‘Soup cans help dogs with their posture.’ — 10 Hidden Secrets of Dog Show Handlers

Ah, fall – the greatest time of year. It marks the return of pumpkin spice lattes, cozy sweaters, the kaleidoscope of changing leaves, and – most importantly:

The National Dog Show.

Every year, I stuff my face as quickly as possible so I can go marinate on the couch and watch a bunch of people run around with a bunch of dogs way better behaved than any dog I have ever met in real life. Similarly, every year I think to myself: just what does it take to be a dog handler at that level of competition? Surely there’s way more to it than being able to run gracefully in business formal.

Here are 10 secrets from top-tier dog handlers who have been through the ringer and back.

1. The dogs come with really long names.

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So much for Fido and Rex. Dog handler Sharon Reeves’ Australian Shepherd’s full name is “Veritas Sexy and I Know It.”

Why the super long title?

Reeves explains:

“Veritas is my kennel name, so whenever I breed a dog, every dog has the word veritas in their name.”

2. There’s no money in winning.

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Handlers aren’t compensated for winning with any cash prize. The victory comes with a whole lot of kennel club swag and amenities, but it’s not about the money. The honor is in competing at such a prestigious event.

3. It’s physically draining.

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Professional Pekinese handler David Fitzpatrick says:

“A lot of my peers have had their knees and hips replaced. You get tired just from being at the show.”

Let’s hope these handlers know good orthopedists. That’s a lot of left turns in one day.

4. The dogs eat whatever they want.

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No restrictions in the ring. The dogs have a whatever-the-heck-you-want diet ranging from potato chips and apples to filet mignon.

5. The handlers’ cars are inspected.

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The American Kennel Club inspects all the handlers’ cars before official registration for the competition even begins.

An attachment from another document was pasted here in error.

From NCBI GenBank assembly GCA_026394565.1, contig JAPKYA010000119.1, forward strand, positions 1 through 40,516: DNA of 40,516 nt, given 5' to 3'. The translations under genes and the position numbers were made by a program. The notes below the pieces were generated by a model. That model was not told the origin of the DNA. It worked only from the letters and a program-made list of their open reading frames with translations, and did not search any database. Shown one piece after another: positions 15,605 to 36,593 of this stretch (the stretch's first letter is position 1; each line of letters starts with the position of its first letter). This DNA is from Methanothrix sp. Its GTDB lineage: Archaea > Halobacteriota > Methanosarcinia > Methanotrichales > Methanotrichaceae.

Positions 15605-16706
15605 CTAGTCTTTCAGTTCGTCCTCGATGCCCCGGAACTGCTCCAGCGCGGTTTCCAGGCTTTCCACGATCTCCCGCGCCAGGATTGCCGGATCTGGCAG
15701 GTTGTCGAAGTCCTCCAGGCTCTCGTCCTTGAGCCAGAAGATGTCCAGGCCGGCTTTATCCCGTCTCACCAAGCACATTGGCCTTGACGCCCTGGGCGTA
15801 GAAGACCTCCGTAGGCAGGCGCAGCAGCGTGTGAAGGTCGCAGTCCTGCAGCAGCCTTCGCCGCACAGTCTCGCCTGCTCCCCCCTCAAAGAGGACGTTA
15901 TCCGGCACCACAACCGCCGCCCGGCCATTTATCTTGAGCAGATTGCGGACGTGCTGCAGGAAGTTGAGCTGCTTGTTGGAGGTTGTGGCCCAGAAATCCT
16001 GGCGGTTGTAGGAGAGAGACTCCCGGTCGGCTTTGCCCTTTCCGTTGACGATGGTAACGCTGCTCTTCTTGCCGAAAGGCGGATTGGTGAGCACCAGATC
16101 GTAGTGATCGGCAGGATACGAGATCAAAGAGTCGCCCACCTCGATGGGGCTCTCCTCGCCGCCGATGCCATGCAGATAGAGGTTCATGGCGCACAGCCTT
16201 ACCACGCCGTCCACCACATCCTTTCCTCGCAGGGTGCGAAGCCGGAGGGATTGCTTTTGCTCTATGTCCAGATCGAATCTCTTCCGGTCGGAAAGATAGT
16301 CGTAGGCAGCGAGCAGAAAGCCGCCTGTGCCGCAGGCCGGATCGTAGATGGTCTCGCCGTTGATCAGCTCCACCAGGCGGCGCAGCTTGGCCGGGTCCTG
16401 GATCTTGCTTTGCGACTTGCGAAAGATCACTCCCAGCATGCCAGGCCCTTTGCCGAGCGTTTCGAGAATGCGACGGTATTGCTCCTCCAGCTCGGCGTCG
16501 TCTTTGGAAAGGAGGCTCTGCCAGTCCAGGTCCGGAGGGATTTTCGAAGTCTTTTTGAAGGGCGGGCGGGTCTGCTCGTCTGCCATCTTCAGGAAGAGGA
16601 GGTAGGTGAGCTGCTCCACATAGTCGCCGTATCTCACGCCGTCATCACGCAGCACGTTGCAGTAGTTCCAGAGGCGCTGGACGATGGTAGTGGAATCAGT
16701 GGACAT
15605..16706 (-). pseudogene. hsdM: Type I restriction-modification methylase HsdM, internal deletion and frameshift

Why the strict search?

Basically, officials are looking to see that handlers have the right supplies that could keep dogs alive and well during even the apocalypse. Heat monitors, fire extinguishers, 30-gallon water tanks, and appropriate air conditioning are just a few things on the checklist.

6. Chalk keeps the dogs looking spiffy.

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You read that right. Handlers use chalk and even dryer sheets to give a dog’s coat that little extra shine.

7. There are special toys and leashes.

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Apparently “Best in Show” wasn’t too far off. Like most other high-level competitors, dog handlers have their own set of rituals and traditions before competition. If a dog’s special toy or favorite leash is missing, it’s easy to get caught a little off-guard.

About leashes, Fitzpatrick notes:

“I have one I’ve been using probably since 2004 because I know many dogs have had great success with it.”

8. Biting gets you disqualified.

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No ifs, ands, or buts about it. If a dog bites anyone or displays any aggressive behavior, it’s a surefire way to get kicked out of the competition and pretty much put an end to that canine’s career.

9. There are treadmills.

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Yup, there are treadmills backstage at the competition, but they’re not for exercise.

Handlers use treadmills to train and coach their dogs to walk at just the right trotting pace. That’s a lot of time, effort, and money just to get the perfect supermodel gait.

10. There’s a lot resting on soup cans.

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At dog competitions, posture is everything. To help get their dog’s stance just right, some handlers have their canine friends practice standing on soup cans.

Ugh, now I really wish that I was a dog. Oh, to be a pampered pup eating filet mignon…

What’s your favorite dog show secret? Comment and share below!